Gospel Soundcheck

Gospel Soundcheck


So what is “Christian music,” anyway?

posted by Joanne Brokaw

All of the hoopla surrounding the news that Katy Perry, whose single “I Kissed A Girl” is topping the Billboard charts, released a Christian album back in 2001 brings up a question that always causes a lot of debate. What, exactly, makes an artist “Christian?”
You hear some artists describe themselves as Christian artists, others as “Christians in a band.” Is there a difference?
So this week, let’s talk about it:
What criteria should the music industry use when designating an artist “Christian?” What, exactly, is “Christian music”?
I’d love to hear your thoughts!
RELATED POST: Guest blogger Pastor Dave Weiss answers this question.



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Mark Weber

posted July 1, 2008 at 10:38 pm


I was just on WBFO, Buffalo’s secular NPR News and Jazz station, talking about this topic. Here’s my take: there are two types of Christian artists– 1) the church ministers who use music to minister directly to people in the pews of churches and overtly Christian events– examples would be Casting Crowns, Rebecca St. James, and Jason Upton… 2) the “artists” who reach over to the secular world but happened to have some of their songs informed by their Christian faith– examples would be Switchfoot, P.O.D., and Pedro The Lion.
I find that Christian/Gospel music is appropriate for only certain, limited occasions when lots of other believers are gathered together. So, if I am at the beach, the gym, or the supermarket, I expect to hear Justin Timberlake, Janet Jackson, or John Mayer because the general culture listens, a lot, to those artists and they don’t even know who Michael W. Smith or Chris Tomlin is, if we’re being honest.
I pay extra to get Gospel Music Channel, and I learn a lot about artists by watching this channel. Unfortunately, it’s still not at the level VH1 or MTV or BET are at where it’s part of the culture in such a way that everyone knows about it.
Christian music used to be mostly white people with bad haircuts singing inspirational pop songs with heavily synthesized beats (1980s, early 1990s); then Christian rockers and Hillsongs’ “Praise and Worship” became hot in the mid 1990s. In the 2000s, it was all about white guys with a guitar– Chris Tomlin, David Crowder, Charlie Hall, etc. All along black Gospel artists did their own thing, and rarely did the white and black worlds meet, unless tobyMac and Kirk Franklin got together.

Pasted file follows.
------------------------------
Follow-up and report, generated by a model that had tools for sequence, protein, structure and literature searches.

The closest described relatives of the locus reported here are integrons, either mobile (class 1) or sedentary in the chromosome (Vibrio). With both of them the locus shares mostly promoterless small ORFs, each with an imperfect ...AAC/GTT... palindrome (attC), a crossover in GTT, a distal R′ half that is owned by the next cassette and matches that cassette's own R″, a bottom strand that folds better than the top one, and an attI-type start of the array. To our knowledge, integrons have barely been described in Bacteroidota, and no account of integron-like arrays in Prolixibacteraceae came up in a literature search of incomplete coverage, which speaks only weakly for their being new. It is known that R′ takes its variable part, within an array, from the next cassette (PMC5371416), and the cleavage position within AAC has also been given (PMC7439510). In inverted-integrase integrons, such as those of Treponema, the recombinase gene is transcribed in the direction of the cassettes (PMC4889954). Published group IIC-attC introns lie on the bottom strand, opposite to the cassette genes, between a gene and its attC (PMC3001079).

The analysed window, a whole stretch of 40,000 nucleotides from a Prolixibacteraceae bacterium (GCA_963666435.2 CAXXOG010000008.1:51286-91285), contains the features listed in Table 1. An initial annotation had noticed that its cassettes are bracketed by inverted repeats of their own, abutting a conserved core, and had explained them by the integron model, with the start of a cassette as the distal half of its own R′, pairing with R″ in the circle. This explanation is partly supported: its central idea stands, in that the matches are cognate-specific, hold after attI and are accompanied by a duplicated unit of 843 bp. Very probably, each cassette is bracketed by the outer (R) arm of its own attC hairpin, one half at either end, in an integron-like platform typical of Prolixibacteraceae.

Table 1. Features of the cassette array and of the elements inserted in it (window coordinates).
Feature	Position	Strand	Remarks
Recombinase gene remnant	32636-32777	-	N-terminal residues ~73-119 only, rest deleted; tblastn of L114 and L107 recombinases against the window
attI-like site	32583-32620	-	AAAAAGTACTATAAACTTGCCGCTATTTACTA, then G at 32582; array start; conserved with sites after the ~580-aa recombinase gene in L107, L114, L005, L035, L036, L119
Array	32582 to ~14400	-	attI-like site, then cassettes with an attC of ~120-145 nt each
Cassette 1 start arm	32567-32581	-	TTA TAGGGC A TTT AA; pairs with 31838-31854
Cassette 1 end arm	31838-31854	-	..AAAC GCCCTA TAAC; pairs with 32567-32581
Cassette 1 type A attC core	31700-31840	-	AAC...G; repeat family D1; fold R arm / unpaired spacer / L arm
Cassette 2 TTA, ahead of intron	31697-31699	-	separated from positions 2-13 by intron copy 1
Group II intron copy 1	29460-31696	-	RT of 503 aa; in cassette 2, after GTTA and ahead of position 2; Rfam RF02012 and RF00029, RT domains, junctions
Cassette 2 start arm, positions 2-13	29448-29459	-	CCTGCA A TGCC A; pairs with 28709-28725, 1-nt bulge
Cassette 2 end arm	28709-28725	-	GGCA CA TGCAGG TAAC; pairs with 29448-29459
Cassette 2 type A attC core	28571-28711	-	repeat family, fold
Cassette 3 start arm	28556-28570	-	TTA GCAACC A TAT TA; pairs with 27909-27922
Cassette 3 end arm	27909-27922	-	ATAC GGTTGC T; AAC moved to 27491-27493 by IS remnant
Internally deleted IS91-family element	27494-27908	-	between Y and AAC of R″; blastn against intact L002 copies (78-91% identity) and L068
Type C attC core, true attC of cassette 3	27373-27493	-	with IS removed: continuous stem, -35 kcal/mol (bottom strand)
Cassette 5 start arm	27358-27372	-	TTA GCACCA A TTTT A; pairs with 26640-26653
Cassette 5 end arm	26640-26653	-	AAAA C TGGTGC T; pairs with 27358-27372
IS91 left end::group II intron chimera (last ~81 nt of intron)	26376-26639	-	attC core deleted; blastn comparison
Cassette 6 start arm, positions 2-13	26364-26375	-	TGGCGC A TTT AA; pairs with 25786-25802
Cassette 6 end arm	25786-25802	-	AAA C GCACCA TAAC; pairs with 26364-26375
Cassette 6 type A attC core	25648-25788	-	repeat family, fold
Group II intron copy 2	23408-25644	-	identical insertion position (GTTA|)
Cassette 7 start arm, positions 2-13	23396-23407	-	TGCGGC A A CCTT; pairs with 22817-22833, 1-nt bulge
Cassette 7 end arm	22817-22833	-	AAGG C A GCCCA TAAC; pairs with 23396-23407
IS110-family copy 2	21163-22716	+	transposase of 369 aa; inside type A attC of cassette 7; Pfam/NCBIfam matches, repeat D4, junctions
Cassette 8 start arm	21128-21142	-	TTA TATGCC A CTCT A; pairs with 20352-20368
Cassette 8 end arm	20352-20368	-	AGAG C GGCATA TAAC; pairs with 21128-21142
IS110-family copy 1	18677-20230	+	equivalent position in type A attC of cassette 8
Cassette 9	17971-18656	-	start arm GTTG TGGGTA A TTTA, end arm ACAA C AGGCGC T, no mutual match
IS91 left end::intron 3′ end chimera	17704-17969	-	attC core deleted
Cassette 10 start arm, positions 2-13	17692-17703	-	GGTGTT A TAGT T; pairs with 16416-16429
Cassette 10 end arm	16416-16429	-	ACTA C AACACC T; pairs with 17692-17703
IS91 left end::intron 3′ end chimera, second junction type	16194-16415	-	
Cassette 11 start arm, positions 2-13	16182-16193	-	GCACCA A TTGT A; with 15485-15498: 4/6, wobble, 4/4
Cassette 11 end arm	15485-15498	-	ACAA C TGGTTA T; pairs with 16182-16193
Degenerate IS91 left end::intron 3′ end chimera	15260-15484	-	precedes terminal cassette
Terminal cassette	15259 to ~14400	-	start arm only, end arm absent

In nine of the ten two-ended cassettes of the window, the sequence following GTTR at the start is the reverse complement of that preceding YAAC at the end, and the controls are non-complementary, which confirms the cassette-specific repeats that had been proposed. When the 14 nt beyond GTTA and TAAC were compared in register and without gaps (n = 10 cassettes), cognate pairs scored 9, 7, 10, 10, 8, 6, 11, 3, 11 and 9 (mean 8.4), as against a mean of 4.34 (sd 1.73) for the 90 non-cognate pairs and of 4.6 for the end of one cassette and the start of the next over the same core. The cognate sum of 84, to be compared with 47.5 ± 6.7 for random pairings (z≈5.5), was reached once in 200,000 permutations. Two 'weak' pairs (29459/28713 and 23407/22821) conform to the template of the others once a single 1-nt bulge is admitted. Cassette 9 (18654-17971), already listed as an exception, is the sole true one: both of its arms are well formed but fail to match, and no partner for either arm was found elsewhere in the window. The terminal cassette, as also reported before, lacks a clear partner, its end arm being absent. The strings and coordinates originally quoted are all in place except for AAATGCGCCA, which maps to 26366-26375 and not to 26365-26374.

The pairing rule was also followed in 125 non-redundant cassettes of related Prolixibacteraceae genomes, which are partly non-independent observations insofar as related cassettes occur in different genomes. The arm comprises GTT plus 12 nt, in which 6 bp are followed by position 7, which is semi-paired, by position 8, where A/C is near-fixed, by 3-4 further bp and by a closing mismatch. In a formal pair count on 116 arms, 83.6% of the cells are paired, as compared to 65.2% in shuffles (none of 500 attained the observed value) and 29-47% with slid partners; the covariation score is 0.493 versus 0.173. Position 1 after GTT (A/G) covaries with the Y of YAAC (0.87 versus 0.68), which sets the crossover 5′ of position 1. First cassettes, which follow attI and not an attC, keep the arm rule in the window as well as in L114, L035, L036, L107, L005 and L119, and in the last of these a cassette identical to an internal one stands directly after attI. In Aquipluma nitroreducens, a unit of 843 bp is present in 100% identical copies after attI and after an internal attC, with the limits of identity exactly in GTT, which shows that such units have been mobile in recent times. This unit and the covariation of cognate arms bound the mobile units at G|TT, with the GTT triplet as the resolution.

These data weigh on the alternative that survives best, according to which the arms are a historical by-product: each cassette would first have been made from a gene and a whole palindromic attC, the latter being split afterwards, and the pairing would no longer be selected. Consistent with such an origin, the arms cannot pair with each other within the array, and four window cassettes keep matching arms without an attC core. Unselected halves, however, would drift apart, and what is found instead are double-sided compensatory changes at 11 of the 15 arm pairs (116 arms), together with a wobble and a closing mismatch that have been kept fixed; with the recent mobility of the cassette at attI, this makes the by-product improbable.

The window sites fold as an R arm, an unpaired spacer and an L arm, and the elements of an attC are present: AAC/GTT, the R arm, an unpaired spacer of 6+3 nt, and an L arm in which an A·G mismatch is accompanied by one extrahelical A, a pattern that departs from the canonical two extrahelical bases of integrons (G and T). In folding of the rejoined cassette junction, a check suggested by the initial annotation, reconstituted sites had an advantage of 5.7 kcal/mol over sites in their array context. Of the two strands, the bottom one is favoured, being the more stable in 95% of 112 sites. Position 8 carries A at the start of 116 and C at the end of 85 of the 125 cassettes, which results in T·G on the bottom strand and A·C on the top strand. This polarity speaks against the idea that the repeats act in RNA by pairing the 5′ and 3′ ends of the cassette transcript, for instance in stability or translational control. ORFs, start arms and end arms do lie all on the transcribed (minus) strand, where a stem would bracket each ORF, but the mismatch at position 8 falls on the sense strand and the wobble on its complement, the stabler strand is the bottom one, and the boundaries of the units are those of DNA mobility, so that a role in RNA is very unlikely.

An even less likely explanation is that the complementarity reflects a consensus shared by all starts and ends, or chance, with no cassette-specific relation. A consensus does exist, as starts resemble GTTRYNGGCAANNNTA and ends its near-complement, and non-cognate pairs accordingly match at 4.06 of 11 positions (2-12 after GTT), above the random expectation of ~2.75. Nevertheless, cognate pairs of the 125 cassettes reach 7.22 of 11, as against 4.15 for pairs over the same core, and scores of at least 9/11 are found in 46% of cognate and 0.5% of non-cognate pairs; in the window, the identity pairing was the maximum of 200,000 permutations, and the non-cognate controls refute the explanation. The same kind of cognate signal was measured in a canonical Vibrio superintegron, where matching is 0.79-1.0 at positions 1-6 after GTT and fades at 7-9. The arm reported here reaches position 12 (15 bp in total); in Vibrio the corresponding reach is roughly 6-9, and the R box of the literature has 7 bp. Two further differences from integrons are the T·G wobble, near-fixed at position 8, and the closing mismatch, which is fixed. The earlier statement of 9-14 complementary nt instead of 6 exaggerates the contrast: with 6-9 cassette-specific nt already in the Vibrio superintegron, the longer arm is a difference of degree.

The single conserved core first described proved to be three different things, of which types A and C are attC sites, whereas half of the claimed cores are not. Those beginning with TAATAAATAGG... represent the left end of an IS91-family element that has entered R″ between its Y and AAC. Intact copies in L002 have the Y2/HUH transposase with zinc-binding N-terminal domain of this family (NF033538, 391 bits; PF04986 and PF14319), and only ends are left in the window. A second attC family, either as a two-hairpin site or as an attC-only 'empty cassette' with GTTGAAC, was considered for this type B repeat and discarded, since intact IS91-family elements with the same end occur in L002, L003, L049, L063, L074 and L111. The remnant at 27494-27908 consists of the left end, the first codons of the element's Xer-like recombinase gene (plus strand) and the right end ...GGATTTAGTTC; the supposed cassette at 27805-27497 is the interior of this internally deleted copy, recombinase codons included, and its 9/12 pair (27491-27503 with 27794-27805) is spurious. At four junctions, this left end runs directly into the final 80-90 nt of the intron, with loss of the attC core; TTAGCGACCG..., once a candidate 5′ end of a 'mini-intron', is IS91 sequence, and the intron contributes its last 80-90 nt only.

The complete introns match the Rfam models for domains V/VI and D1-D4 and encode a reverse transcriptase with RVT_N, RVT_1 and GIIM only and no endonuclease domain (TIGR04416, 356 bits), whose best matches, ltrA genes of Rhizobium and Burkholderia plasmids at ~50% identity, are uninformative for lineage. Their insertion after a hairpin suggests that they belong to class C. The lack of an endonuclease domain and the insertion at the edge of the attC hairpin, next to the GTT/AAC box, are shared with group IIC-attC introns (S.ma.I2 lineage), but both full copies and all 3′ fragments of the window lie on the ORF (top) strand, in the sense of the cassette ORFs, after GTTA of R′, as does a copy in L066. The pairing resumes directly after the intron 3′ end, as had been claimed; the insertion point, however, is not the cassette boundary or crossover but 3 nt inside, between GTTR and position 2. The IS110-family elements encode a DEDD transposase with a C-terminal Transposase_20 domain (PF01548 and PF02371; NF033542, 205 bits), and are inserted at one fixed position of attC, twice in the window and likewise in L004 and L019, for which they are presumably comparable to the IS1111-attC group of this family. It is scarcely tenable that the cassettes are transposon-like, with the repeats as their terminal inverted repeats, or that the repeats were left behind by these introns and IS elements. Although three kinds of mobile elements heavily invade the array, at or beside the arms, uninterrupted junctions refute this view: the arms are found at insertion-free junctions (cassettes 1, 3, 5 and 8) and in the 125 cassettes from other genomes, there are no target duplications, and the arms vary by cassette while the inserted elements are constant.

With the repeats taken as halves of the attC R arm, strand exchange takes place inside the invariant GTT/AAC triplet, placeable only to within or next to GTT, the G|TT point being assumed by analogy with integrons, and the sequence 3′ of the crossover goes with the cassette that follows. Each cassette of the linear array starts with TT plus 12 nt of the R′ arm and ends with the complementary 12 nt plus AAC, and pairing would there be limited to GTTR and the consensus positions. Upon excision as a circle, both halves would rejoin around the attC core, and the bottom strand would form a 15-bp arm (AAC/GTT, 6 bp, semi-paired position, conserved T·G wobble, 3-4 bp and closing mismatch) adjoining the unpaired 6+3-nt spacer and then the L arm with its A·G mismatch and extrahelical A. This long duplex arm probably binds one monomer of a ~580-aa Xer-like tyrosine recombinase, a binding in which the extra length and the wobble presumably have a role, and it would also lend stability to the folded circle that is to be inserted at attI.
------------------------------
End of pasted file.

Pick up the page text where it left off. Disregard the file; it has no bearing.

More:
Nowadays, with bands becoming independent of record labels, everything has changed. Now there’s no more CCM magazine. Now fewer people are listening to Christian music radio since they can watch videos on youtube.com or hear music on bands’ myspace pages. The world has changed. The music industry has changed. I’m thinking Christian music is both growing (Gospel Music Channel) and dying (the death of CCM the print magazine, the rise of myspace instead of labels).



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MELCHISADEK

posted July 2, 2008 at 12:50 am


JULY 2nd,2008
HERE IS THE Question, that Many, Many, Saved sanctified &filled By HIS Holy Spirit//baby-boomers are Asking …of BOTH GOSPEL,”PRAISE-MUSIC”
Producers and Your ‘Jon Tesh’ Variety Musicians and contributors.
Without Being Rhetorical…. Like Paul Simon/Art Garfunkle When they
asked “…Where Have You Gone …. Joe Dimaggio “(The YANKEEs’ Clipper)”
…the Nation Turns ITS’ Lonely Eyes To YOU?”
Many of us are STILL WONDERING: Where ARE the Ian ANDERSONs’ of the Legendary Jethro Tull, on the JOHN MAYALLs’ of strong, Various Combos
akin to the group Heralded in 1970.. as in “U.S.A. – UNION?” ( ie., Harvel Mandel, Larry Taylor.Don ‘Sugarcane’ Harris,and Mr. John Mayall)
Or Further on…John Mc/VIE, Peter Green : The real Heart of EARLY “Fleetwood Mac” ( 50% of the Groups’ Name was from John Mc/VIE!)
We, as Ardent Music Purists realize that there is not much Finantual Renumeration in ” Christian/Gospel Music” However, Mr. Keith Green, was a refreshing Breath of Fresh Air… even though his Music is over 20 years Dated NOW! Somewhere,Someone, Somehow, A Group,Combo,band or
even a “Trio” (Like ‘CREAM’), MAY change the way Sacred Music is Done!!
It Seems that this “Praise Music” with its Hokie, self-serving ‘Praise Singers’ Have readily appeared on Church Platforms World-Wide
in Various Denominational and Independent Churches…bringing a “New Broom” to Agressively SWEEP- 200 years of HYMNS- and Church ‘Liturgy’ into OBLIVION! (…and a Collective ‘dust-bin’).
(Only to RETURN…in a “More Acceptable Form”, THANK YOU, Mr. PHIL KEAGGEY!!) C’MON, the “Gauntlet Has Been Thrown Down!” Where are the Jimmy PAGEs’, John Cippolinas’,Jack Bruces’, ERIC CLAPTONs’,BRIAN JONEs’, Do IT For the SAKE OF THE CALL! (hallelulia…Thank-You Mr. STEVEN CURTIS-CHAPMAN!!)



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Matt

posted July 2, 2008 at 9:20 am


I love Christian rock.
Switchfoot, Jeremy Camp, Casting Crown, Third Day, Rebecca St. James are some really good Christian groups that aren’t cheesey.
I will listen to things songs wherever I am & whenever I want.



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Brian Bates

posted July 3, 2008 at 7:49 pm